There are attempts to rescue some aspects of what CSBEC was doing, such as the Aspire series, provided funders are happy to continue supporting it under a different umbrella.
CSBEC was unusual in that it was set up with a company structure (i.e. shareholders and directors) and incorporated under the Companies Act, but was also a registered Charity.
The Road to 2016
Monthly feature to prepare for the new Financial Reporting Standards for Charities.
Donations and Fees
Unclear separation between genuine donations and fees for providing a service are unfortunately somewhat epidemic in the not-for-profit sector. For GST-registered organisations there is a tax advantage for calling something a (tax-exempt) donation rather than a (GST-liable) fee. Inland Revenue is quite clear, however, that it is not fooled by cosmetics: to be exempt from GST a donation has to be an unconditional gift for which the giver can expect nothing in return for themselves.
In the context of the new Financial Reporting rules, donations must be reported in a separate category from all other service income. Again, any payment in return for a service (attendance of a workshop or event, receiving counselling or personal support, payment of sausages during a sausage sizzle, team fees etc.) is not considered a donation. Neither can membership fees be considered donations (these, in fact, must also be reported separately).
Sometimes unspecified donations (‘gold coin’ or a ‘suggested donation’) are asked for certain events. In order for these to be true donations, people must be able to attend without paying anything, i.e. there cannot be any obligation to pay, or any additional benefits for those who do.
There would be very few, if any, charities amongst our clients that do not have a separate donations account. The art is to properly identify them.
Accountants in Uncharted Waters – Setting it Straight
There has been a number of occasions in the past few weeks where we have been made aware of dubious or incorrect information given to not-for-profits by their accountants. We would like to clarify two of them here, because they may be of wider interest:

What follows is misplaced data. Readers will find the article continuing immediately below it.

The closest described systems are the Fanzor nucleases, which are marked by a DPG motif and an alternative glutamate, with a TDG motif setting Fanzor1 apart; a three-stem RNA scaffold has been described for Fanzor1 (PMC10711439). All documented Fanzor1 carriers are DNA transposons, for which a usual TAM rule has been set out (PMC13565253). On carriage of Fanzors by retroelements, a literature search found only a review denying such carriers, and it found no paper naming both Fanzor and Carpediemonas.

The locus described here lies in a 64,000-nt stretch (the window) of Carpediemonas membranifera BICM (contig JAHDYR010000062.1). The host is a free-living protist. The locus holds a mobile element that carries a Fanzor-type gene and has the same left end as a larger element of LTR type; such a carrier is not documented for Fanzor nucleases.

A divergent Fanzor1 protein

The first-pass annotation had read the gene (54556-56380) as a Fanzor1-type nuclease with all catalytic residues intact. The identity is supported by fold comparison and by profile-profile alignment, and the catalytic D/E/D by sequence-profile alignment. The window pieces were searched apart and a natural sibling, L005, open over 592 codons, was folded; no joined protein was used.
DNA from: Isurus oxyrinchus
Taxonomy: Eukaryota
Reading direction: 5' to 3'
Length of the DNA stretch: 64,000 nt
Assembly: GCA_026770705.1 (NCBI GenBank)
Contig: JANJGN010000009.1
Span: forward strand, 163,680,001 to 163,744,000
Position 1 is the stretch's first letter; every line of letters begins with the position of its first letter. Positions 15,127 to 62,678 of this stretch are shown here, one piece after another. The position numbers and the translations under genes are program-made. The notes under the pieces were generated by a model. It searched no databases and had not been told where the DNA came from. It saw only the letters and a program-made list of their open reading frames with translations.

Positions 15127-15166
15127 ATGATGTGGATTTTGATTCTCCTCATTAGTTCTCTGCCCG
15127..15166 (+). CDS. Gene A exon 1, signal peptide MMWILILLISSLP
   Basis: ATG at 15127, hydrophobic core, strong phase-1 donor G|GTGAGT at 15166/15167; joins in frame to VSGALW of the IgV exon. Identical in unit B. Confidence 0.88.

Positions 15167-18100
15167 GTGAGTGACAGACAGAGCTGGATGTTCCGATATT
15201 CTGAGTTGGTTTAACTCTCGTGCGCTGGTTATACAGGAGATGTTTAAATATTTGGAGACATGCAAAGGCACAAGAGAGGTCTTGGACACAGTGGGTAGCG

- Advice: One of New Zealand’s largest accounting firms has mailed out a newsletter-style email to their Charity clients advising of the new accounting treatment for donated goods. In it they stated that for Charities reporting under Tier 4 “there is no need to account for donated goods”.
Fact: Section 85 of the Tier 4 financial reporting standard clearly states that an organisation must report a current value (where obtainable) for each donated resource. When made aware of their error, the accounting firm replied that they will not issue a correction because they do not consider such reporting of values ‘accounting’.
- Advice: A Charity using not-for-profit titles for their financial statements (such as ‘Statement of Funding’ instead of ‘Statement of Financial Performance’) has been instructed by their auditor to change the titles back to the business titles because they had used those titles last year and were not allowed to change under the old GAAP rules, which are still in force.
Fact: Both the old accounting rules (NZIAS) and the new ones explicitly state that an organisation can choose their own titles for Statements. No mention is made in either set of standards that a title, once chosen, must not ever change in the future (the standards are otherwise quite particular about what aspects can and cannot change).